Reimagining an engineering education

 Engineering students at UBC benefit from a holistic approach to learning that allows them to gain the knowledge and skills needed to make a difference. supplied

Engineering students at UBC benefit from a holistic approach to learning that allows them to gain the knowledge and skills needed to make a difference. supplied

An engineering degree as the liberal arts education of the 21st century? That’s the bold vision proposed by UBC Engineering given the increasingly important role that technology, coding and systems-thinking is playing in addressing global challenges.

“A liberal arts education provides the grounding for people to be successful in all aspects of our economy and society,” says James Olson, interim dean of UBC’s Faculty of Applied Science. “As all jobs increasingly become tech jobs, an engineering degree will be the liberal arts education for this century. It’s what’s needed to ensure that – independently of your career path – you have a strong foundation to make meaningful contributions to society.”


As all jobs increasingly become tech jobs, an engineering degree will be the liberal arts education for this century. It’s what’s needed to ensure that – independently of your career path – you have a strong foundation to make meaningful contributions to society.
— James Olson is interim dean of UBC’s Faculty of Applied Science

Historically, an engineering education has offered students an immersion in systems thinking, with a strong emphasis on technical skills. What’s required now, says Dr. Olson, is an opening up of that education to reflect current and evolving needs, including elements like management and interdisciplinary collaboration.

He identifies three areas where UBC is leading the way in transforming engineering education: cultural fluency, entrepreneurship and experiential learning.

Given that we live in an increasingly interconnected world, cultural fluency is quickly becoming an essential skill for working on diverse project teams in Canada and abroad. One way UBC Engineering is helping students increase their cultural fluency is through programs like the Coordinated International Experience, where students spend a semester at one of 16 partner institutions in Asia, Australia or Europe. It’s an increasingly popular option for students, and the university would like to see at least 40 percent of engineering students pursuing this or a comparable type of international experience during their degree.

In addition to studying abroad, UBC Engineering students are also encouraged to develop their skills as entrepreneurs. New this year is an entrepreneurship minor, and several campus-wide programs support technology-driven ventures that offer social and economic impact.
“Entrepreneurship is not just about becoming your own boss, although it can certainly be that,” says Dr. Olson. “It’s also about bringing that spirit of drive and innovation into everything you do – looking for new opportunities to take ideas to reality.”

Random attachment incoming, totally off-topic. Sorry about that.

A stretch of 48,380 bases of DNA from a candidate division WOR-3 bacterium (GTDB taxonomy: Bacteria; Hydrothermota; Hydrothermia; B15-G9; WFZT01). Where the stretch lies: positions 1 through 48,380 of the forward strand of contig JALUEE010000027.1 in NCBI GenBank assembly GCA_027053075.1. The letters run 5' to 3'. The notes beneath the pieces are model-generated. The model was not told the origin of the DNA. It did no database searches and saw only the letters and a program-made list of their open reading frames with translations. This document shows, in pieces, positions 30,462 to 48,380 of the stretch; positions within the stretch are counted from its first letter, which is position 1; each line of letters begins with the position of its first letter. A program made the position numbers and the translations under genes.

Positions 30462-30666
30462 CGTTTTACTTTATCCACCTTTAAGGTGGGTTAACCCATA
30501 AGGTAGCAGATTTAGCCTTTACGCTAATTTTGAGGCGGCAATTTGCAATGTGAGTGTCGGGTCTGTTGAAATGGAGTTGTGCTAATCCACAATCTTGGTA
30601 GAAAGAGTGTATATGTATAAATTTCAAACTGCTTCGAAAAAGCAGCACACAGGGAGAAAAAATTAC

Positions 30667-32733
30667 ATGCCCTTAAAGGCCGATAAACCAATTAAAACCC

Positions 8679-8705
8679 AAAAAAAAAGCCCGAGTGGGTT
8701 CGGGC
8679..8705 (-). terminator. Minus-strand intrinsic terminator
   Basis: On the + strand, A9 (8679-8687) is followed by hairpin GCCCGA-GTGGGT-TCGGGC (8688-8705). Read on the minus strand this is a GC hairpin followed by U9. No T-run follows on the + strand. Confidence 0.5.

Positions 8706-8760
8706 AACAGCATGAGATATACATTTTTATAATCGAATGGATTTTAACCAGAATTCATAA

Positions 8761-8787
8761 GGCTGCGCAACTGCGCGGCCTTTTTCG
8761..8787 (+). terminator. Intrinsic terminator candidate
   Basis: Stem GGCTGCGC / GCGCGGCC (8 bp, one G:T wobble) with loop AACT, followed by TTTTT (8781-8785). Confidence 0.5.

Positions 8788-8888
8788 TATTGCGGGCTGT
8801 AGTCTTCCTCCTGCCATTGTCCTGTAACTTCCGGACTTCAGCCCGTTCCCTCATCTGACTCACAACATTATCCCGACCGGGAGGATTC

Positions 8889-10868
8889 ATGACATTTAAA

Experiential learning has always been an essential element of engineering education, and UBC is home to Western Canada’s largest engineering co-op program. But there are other avenues for experiential education. Students can participate in expanded professional development opportunities, work on industry-led capstone projects and build technical and leadership skills by joining some of the dozens of engineering-focused campus teams and clubs.

Dr. Olson and his colleagues are excited about the path UBC is taking to reimagine engineering education for the 21st century. And they’re confident that prospective students will increasingly see an engineering degree as a springboard to both traditional engineering careers and an ever-expanding range of professions.


Careers

Reaching out to the next generation

When asked to describe an engineer and the sort of person who succeeds within the profession, many young people still recite the stereotypes. Geering Up UBC Engineering & Science for Kids program is working to change that, through province-wide outreach activities that introduce younger students to the diverse ways that engineers and scientists use critical-thinking and collaborative problem-solving skills to make positive changes in the world.

Over the past 20 years, the program has reached over 125,000 BC students through summer camps, school-based workshops, after-school clubs, community visits and more.

In 2016, Geering Up volunteers went to inner-city schools throughout BC, enabling over 3,000 students to participate in hands-on engineering and science activities. Needs-based bursaries were provided to 10 per cent of the participants in the program’s popular summer camps, helping eliminate a significant financial barrier and allowing students to attend a week-long immersive experience on campus.

“Last year we also went out to more than 20 communities, of which just under half were First Nations communities,” says Elizabeth Croft, senior associate dean of UBC’s Faculty of Applied Science. “We want every student in BC to know what engineering is about and the opportunities it offers. Engineering is creative and it uses technology and science for the benefit of society. It’s important we get that message out to groups of people who haven’t traditionally seen themselves as engineers and are underrepresented in the profession.”

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